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Doc. 10.--Secretary Floyd to the President.

war Department, Dec. 29, 1860.
Sir: On the morning of the 27th inst. I read the following paper to you in the presence of the Cabinet:

counsel Chamber, Executive mansion.

Sir: It is evident now from the action of the Commander of Fort Moultrie, that the solemn pledges of the Government have been violated by Major Anderson. In my judgment but one remedy is now left us by which to vindicate our honor and prevent civil war. It is in vain now to hope for confidence on the part of the people of South Carolina in any further pledges as to the action of the military. One remedy is left, and that is to withdraw the garrison from the harbor of Charleston. I hope the President will allow me to make that order at once. This order, in my judgment, can alone prevent bloodshed and civil war.


John B. Floyd, Secretary of War.

I then considered the honor of the Administration pledged to maintain the troops in the position they occupied, for such had been the assurances given to the gentlemen of South Carolina who had a right to speak for her. South Carolina, on the other hand, gave reciprocal pledges that no force should be brought by them against the troops or against the property of the United States. The sole object of both parties in these reciprocal pledges was to prevent a collision and the effusion of blood, in the hope that some means might be found for a peaceful accommodation of the existing troubles, the two Houses of Congress having both raised Committees looking to that object. Thus affairs stood until the action of Major Anderson, taken unfortunately while the Commissioners were on their way to this capital on a peaceful mission looking to the avoidance of bloodshed, has complicated matters in the existing manner. Our refusal or even delay to place affairs back as they stood under our agreement, invites a collision and must inevitably inaugurate civil war. I cannot consent to be the agent of such calamity. I deeply regret that I feel myself under the necessity of tendering to you my resignation as Secretary of War, because I can no longer hold it under my convictions of patriotism, nor with honor, subjected as I am to a violation of solemn pledges and plighted faith.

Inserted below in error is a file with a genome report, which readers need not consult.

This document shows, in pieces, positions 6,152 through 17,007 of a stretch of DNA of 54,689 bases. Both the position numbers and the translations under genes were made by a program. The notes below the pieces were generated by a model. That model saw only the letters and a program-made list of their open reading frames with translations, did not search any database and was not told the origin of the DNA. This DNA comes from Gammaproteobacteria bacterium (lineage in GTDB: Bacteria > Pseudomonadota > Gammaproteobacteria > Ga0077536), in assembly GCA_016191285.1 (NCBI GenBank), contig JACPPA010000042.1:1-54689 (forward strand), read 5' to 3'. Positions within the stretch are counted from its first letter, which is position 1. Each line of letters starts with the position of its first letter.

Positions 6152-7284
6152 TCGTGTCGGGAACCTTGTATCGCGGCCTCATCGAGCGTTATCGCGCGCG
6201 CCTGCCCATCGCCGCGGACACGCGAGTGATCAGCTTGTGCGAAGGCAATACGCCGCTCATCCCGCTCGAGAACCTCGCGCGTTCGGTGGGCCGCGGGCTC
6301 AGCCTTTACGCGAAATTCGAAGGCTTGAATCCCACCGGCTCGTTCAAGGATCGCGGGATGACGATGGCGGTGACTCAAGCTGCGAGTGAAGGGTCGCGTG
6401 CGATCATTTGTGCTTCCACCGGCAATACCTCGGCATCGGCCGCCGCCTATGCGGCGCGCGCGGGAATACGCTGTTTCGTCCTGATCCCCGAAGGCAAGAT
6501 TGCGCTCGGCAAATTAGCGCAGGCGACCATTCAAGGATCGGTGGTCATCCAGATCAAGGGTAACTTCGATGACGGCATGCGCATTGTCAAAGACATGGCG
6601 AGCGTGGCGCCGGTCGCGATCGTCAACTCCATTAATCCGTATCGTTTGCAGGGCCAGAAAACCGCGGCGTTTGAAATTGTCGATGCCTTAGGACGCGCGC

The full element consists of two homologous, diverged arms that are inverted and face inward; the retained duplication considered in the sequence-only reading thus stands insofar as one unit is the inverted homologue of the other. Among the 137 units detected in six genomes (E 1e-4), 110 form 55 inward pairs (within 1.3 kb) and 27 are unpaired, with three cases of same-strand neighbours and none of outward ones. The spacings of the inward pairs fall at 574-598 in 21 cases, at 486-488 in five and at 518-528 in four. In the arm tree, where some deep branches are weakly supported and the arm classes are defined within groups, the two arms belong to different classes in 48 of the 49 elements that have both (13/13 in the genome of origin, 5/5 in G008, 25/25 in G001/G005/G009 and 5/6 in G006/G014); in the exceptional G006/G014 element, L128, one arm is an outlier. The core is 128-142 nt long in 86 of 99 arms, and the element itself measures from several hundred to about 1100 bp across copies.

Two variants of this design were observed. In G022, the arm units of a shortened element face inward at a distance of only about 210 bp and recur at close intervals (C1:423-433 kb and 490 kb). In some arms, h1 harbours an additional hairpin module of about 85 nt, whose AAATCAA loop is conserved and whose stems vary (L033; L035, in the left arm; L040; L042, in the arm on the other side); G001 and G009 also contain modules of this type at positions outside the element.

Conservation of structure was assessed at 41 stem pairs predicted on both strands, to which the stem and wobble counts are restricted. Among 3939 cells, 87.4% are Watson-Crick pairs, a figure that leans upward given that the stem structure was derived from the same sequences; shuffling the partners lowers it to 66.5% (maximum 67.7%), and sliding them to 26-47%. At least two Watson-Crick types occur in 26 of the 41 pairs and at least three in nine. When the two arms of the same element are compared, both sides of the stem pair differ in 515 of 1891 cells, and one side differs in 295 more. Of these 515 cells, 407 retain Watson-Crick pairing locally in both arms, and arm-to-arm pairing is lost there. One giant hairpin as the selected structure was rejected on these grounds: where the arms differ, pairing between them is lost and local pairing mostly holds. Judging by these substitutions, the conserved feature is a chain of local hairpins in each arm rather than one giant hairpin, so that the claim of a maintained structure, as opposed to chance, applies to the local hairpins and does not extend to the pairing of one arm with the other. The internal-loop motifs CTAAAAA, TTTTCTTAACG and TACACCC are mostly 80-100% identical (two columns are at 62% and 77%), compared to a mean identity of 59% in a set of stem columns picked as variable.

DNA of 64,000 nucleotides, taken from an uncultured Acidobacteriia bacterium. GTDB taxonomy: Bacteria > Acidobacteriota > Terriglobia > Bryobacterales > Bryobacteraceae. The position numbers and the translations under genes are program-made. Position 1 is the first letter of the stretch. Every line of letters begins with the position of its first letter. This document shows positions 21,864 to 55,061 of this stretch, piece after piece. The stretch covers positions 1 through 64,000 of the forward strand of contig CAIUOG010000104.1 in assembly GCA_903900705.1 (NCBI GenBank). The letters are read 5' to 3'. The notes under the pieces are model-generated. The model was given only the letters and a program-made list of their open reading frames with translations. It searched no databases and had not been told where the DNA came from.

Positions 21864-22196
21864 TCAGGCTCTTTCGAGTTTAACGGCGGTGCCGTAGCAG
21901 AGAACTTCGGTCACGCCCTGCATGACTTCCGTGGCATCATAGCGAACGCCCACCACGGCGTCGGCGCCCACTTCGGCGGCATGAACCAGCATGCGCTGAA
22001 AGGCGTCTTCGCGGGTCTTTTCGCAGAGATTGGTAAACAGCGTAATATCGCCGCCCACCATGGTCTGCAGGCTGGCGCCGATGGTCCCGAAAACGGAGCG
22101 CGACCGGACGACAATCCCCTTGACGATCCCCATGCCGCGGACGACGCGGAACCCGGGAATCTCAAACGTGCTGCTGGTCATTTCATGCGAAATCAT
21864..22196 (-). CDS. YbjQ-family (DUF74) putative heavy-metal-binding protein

With the highest personal regard,

I am most truly yours,

John B. Floyd. To His Excellency the President of the United States.

The President's reply.

Washington, Dec. 31, 1860.
my dear Sir: I have received and accepted your resignation of the office of Secretary of War; and not wishing to impose upon you the task of performing its mere routine duties, which you have so kindly offered to do, I have authorized Postmaster-general Holt to administer the affairs of the Department until your successor shall be appointed.

Yours, very respectfully,

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